Each project begins with support to acquire fencing, water harvesting earthworks, drought tolerant native crop seeds, and high-quality tree saplings. The program stipulates that the farmers must engage in holistic and sustainable practices such as water harvesting, alley cropping, mixed cropping, seed sharing and the planting of a minimum 100 trees per acre. This will help change the agricultural practices from monoculture cash-crops, which produces a maximum of 2 crops per year, to a variety of foods and fodder produced year round. These polyculture systems will better provide for the needs of the farmers giving them surpluses to sell and trade while guaranteeing a yield even if some crops fail.
With the 1000 Tree Project we co-create productive landscapes helping them farm again, protect their crops from wildlife and overgrazing, and plant local, drought tolerant trees which build soil and restore biodiversity. The practices of agroecology, agroforestry, mixed cropping, alley cropping and water harvesting heal the soil and nurture the ecosystem while providing food, fodder, fuelwood, medicine, timber, income, and seed security for marginal farmers.
Along with sparse rainfall, man-animal conflict, a history of chemical farming, eroded and exposed soils, the farmers here are small farmers holding 2-3 acres of rain-fed land. These fragmented land holdings are a result of the breakdown of the extended family, the lure of “greener pastures” in the city and the harshness of the conditions here. The cooperation among families for sharing resources such as food, seed and labor has also been lost. Farmer debts are increasing as the inefficiency of monoculture, chemical farming continues to produce less while inputs continue to rise. Making village life attractive to villagers must include viable economic opportunities if we are to keep the youth and families from moving away. Recurring droughts and changing weather patterns force villagers who depend on the land for their livelihood to migrate to cities to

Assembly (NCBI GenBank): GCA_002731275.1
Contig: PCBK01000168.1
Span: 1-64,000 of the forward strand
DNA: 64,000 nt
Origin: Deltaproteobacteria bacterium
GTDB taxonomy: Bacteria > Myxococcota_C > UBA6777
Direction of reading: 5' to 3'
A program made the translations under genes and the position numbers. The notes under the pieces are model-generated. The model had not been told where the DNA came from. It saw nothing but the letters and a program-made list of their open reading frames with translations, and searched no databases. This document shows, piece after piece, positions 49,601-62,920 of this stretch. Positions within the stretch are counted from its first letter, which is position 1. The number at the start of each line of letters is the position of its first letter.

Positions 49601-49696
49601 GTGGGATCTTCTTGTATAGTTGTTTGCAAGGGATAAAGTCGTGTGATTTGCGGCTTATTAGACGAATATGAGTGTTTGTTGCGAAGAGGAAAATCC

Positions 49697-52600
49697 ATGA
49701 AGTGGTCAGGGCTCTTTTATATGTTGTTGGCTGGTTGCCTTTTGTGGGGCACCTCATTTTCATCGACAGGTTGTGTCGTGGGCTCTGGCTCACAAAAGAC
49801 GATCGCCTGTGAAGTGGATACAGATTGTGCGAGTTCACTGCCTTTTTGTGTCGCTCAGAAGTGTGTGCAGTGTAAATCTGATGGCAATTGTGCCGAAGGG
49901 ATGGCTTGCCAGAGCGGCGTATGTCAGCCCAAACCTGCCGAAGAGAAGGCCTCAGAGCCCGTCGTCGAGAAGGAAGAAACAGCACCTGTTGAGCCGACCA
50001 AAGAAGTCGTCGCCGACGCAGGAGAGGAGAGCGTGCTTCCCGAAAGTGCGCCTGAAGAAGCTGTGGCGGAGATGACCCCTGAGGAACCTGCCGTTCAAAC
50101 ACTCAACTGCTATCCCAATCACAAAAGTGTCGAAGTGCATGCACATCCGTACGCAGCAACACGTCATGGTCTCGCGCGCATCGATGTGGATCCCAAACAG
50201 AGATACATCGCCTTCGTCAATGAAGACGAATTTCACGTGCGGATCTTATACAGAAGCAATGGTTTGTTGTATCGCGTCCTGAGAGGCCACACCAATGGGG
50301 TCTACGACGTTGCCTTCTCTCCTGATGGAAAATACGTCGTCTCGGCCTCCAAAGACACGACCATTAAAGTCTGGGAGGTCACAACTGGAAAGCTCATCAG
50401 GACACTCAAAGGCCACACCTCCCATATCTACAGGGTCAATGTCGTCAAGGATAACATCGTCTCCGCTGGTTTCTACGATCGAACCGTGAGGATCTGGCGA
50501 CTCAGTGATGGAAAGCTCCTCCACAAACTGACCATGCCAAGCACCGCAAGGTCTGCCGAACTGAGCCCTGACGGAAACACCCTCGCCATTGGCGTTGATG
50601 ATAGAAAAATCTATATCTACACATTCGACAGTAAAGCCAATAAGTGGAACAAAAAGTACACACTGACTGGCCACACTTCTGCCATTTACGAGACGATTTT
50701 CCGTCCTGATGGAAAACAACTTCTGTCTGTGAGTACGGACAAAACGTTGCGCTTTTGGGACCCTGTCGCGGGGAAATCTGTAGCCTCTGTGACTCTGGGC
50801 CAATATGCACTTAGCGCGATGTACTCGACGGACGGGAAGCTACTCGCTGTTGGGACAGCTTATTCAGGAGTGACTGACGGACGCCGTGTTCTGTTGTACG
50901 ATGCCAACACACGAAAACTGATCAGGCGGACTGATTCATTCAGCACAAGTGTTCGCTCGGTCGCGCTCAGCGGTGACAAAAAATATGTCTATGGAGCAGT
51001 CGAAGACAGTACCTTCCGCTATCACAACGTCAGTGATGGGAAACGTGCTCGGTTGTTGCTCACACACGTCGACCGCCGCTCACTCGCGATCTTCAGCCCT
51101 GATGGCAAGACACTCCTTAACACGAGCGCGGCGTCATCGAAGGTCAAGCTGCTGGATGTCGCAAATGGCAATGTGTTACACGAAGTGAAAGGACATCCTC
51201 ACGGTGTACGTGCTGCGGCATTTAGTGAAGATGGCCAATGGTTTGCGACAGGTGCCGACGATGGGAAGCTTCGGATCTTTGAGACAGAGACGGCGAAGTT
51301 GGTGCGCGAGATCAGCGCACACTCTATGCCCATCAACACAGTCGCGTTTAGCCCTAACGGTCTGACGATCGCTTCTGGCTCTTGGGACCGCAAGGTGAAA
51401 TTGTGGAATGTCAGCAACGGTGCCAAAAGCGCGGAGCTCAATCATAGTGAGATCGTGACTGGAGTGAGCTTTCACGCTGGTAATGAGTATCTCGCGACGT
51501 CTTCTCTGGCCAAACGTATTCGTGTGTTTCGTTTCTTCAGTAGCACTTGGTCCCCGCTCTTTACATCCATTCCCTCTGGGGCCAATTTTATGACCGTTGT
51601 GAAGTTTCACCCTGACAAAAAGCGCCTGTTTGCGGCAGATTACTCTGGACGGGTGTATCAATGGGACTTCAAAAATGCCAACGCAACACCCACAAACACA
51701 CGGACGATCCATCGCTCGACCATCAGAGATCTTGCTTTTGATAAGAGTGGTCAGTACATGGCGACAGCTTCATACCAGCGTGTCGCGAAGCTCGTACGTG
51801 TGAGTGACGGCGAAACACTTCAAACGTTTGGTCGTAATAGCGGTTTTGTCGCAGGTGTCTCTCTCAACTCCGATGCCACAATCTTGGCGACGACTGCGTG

find menial jobs to meet their needs.
The aim of the 1000 Tree Project is to prevent these farmers from becoming landless by reviving the traditional polyculture systems and reducing stress on the already fragile forest ecosystem through a program of afforestation and ecological conservation. By further helping to nurture and protect the trees until they are established, as well as supporting farmers with access to native seeds, exposure visits and trainings, we are facilitating a method that can provide nutritious food, consistent fodder, a diversity of produce for trade, and livelihood security where farmers are empowered, self reliant and live a life of dignity.
Through the 1000 Tree Project, our goal is to plant as many trees as
possible, build soil, recharge water supplies, restore the
biodiversity of the area and bring sustainable farming back into
practice. Our hope is to see the village come together through a
sharing of resources, cooperative actions, engagement in barter, and a
local exchange of surpluses. The farmers who have fed us this long,
who were silently toiling to make that meal on our plates, need
recognition, support and a voice.